The cause of immediate emancipation, as the abolitionists came to define it, had a different germ of inspiration from those Enlightenment ideals that Jefferson had articulated: the rise of a fervent religious reawakening just as the new Republic was being created. That impulse sprang from two main sources: the theology and practice of Quakerism and the emergence of an aggressive, interdenominational evangelicalism. Both movements arose in England and America during the Age of Enlightenment—the eighteenth century. The pietism of the Quakers, a radically egalitarian Protestant sect, asserted the love of God for every human being, regardless of color, sex, or station in life.
Recognizing the urgent need for students to understand the emergence of the United States’ power and prestige in relation to world events, America on the World Stage: A Global Perspective to U.S. History (Organization of American Historians, 2008) reframes the teaching of American history in a global context. Each essay covers a specific chronological period and approaches fundamental topics and events in United States history from an international perspective, emphasizing how the development of the United States has always depended on its transactions with other nations for commodities, cultural values, and populations. For each historical period, the authors also provide practical guidance on bringing this international approach to the classroom, with suggested lesson plans and activities. America on the World Stage Teaching AmericanHistory grant is a five year project (2009-14) that brings the book of the same name to life through a seriesof interactive lectures, hands-on workshops, research and curriculum design, and summer travel courses. Our approach will be to explore the international perspectives of American history through a series of benchmark topics.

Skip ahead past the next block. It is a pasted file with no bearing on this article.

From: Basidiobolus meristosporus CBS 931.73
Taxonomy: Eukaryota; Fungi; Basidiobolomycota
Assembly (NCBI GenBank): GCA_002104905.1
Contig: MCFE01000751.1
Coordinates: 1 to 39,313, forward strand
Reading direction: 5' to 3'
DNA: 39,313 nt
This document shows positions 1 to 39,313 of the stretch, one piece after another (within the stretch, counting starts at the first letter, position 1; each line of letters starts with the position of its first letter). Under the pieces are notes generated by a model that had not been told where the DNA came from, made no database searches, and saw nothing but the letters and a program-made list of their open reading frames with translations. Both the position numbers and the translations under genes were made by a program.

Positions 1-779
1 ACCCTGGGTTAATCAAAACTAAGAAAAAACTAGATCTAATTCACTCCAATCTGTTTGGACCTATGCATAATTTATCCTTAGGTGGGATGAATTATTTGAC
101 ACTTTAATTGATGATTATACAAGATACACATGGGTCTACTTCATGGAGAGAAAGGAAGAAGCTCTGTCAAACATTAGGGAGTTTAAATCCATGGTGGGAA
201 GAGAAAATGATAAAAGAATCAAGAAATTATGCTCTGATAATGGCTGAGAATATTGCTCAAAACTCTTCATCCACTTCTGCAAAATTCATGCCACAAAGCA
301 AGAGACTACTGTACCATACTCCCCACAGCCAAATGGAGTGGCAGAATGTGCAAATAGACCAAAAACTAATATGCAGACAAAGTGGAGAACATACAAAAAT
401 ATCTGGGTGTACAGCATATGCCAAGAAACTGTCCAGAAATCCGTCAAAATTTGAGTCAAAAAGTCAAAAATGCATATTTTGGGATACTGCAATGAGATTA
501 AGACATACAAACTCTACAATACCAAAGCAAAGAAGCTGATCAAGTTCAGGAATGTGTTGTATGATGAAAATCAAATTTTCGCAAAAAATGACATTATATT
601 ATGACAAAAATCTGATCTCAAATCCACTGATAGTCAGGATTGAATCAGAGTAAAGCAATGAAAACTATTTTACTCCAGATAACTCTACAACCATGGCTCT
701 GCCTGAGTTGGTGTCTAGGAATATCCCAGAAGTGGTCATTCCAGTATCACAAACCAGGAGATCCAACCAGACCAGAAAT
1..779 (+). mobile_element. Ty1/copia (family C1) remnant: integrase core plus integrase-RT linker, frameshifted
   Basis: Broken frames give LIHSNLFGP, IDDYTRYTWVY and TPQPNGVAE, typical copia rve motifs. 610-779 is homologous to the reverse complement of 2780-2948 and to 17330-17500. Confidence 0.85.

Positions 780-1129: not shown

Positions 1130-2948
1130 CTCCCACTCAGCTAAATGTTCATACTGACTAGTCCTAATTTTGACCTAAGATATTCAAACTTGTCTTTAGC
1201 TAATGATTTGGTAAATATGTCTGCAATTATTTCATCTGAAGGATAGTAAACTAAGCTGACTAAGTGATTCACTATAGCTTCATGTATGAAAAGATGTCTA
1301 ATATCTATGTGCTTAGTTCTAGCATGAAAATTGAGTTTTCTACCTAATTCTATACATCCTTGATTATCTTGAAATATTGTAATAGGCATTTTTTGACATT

After slaves revolted and took control of the Amistad in 1839, Americans captured the ship off Long Island and imprisoned the slaves in New Haven. A US Supreme Court trial in which Roger Sherman Baldwin and John Quincy Adams defended the slaves, ultimately won them their freedom.